Controversy over questionable images in a La Verne high school student magazine

Images of a police officer in a KKK hood-- aiming a gun at a child. Just one of the images that's got everyone in a local school district talking.

The graphic, anti-President Trump cartoons would not have been out of place in, say, the LA Times or the NY Times, or a news magazine, but in a school sponsored publication? Public school? Well, plenty of parents said ''no way'' after LaVerne's highly regarded Bonita High published two cartoons taken from Google images as part of an article in which the student author was making the point (or trying to) that it is perfectly acceptable for artists to use their images to create dialogue on controversial issues.

Some parents I spoke with were very upset that politics was being ''forced'' upon their children, and they were quite vocal about it, taking to Facebook (of course) to vent their concerns.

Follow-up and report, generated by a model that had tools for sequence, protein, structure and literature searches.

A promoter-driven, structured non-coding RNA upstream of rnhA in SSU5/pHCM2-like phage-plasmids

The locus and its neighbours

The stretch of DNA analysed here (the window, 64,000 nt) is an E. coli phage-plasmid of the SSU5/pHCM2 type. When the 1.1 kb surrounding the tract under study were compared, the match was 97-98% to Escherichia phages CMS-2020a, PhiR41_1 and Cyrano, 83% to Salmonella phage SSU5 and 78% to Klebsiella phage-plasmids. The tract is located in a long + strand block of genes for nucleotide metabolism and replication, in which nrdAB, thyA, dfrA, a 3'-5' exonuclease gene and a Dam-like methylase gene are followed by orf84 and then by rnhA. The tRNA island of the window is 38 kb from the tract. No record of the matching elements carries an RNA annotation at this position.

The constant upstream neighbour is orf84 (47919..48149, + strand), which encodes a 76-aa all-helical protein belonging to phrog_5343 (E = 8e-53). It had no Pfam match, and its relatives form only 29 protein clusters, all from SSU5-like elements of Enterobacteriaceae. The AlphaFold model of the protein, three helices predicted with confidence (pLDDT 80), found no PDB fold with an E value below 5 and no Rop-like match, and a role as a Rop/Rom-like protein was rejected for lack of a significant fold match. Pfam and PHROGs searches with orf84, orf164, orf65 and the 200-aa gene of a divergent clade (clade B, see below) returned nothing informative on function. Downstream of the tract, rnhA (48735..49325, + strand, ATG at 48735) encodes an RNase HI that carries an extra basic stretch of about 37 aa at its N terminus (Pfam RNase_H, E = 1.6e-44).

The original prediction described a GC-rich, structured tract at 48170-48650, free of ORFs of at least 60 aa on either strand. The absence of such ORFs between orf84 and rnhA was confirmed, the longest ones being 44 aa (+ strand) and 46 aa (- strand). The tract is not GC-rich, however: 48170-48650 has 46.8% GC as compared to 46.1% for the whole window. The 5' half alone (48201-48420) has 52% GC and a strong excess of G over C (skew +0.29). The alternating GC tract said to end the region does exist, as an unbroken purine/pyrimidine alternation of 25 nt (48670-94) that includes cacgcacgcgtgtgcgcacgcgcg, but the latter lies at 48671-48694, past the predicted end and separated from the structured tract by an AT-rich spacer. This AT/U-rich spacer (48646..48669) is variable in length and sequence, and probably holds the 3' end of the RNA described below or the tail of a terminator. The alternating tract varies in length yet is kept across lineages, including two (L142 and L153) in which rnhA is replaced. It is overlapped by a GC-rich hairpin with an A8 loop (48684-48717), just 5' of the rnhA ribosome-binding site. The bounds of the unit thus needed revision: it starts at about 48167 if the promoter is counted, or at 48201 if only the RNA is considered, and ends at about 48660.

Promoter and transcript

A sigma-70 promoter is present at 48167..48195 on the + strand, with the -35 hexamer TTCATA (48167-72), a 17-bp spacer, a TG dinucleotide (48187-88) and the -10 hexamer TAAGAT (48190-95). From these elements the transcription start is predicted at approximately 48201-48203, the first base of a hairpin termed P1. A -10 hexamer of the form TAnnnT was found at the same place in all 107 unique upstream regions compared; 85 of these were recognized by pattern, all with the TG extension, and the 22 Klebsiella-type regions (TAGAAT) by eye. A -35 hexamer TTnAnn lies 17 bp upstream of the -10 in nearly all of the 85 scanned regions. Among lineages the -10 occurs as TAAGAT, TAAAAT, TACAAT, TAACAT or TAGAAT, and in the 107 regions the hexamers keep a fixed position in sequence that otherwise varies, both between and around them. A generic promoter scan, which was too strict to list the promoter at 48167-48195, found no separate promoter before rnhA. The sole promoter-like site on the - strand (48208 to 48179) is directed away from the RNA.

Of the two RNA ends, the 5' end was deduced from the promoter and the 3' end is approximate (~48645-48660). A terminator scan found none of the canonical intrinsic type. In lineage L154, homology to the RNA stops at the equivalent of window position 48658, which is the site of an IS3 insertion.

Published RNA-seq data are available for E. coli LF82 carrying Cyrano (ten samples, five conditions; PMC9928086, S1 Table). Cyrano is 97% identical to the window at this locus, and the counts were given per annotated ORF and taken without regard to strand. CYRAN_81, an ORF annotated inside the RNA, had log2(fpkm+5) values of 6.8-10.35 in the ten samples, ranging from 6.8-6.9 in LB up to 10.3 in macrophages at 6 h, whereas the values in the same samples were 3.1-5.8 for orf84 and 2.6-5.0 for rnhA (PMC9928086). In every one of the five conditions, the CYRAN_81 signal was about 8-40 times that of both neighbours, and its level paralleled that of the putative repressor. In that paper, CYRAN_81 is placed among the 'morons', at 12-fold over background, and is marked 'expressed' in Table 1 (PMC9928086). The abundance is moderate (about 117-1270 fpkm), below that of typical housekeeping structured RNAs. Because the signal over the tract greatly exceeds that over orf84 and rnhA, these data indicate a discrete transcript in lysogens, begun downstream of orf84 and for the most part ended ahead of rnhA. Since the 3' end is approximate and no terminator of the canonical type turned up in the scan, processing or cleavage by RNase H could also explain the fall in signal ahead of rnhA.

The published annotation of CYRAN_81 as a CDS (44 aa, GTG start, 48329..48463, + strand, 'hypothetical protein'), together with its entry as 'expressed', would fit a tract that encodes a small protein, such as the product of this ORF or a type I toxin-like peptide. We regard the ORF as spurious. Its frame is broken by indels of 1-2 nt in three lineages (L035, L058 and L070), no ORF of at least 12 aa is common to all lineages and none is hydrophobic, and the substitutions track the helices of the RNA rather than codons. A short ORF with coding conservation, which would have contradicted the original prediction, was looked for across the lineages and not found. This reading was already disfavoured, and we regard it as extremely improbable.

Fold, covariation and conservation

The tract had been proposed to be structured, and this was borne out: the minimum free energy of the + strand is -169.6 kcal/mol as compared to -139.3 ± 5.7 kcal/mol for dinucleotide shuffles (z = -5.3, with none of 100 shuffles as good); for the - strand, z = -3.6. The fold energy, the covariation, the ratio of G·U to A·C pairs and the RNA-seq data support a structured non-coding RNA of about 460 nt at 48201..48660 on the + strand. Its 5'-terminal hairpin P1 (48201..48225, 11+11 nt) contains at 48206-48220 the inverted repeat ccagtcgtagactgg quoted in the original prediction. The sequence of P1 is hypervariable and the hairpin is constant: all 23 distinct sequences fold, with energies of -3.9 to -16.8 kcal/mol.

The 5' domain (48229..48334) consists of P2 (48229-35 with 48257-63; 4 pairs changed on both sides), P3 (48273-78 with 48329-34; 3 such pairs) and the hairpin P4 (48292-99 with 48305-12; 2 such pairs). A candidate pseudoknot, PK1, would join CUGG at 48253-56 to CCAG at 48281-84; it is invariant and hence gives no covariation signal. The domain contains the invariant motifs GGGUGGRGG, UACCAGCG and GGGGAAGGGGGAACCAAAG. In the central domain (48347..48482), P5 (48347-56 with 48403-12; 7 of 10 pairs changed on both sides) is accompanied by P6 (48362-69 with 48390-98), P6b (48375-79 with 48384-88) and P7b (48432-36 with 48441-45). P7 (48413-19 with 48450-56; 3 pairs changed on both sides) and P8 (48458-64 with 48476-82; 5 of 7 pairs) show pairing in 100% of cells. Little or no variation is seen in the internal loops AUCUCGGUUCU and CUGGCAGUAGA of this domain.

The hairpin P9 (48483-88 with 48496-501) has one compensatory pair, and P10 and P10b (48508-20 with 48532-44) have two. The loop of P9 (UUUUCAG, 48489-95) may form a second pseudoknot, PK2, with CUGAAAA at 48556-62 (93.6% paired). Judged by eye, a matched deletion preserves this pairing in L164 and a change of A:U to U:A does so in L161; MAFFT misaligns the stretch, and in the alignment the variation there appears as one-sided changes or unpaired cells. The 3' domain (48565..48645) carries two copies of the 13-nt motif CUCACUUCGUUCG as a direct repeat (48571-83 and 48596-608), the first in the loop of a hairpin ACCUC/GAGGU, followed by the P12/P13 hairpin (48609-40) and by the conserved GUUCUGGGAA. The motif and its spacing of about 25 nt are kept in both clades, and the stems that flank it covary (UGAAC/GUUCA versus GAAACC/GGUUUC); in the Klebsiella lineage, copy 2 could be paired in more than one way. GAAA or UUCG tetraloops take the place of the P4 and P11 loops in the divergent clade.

I'm quite certain other parents were OK with the images, as controversial as they may be to some, in the interests of stimulating thought provoking discussion, but those parents didn't come forward as strongly.

When you see the images in the accompanying story, you might feel strongly one way or the other. I can tell you that LaVerne Police were hurt and insulted and the school district apologized, though when I asked about it all the School District would only issue a brief statement explaining that student publications have first amendment rights and the content doesn't represent the beliefs of the District or the School.

Fine, but no one apparently felt the need to speak to me to answer my many questions about the process of publishing, or if anyone even reviewed the material or why the online issue was taken down and all the hard copies pulled.

As one parent told me, topics like religion and politics don't belong in public schools. Do they? When these kids get to college they sure can take those subjects, but perhaps the idea then is that it will be their choice.

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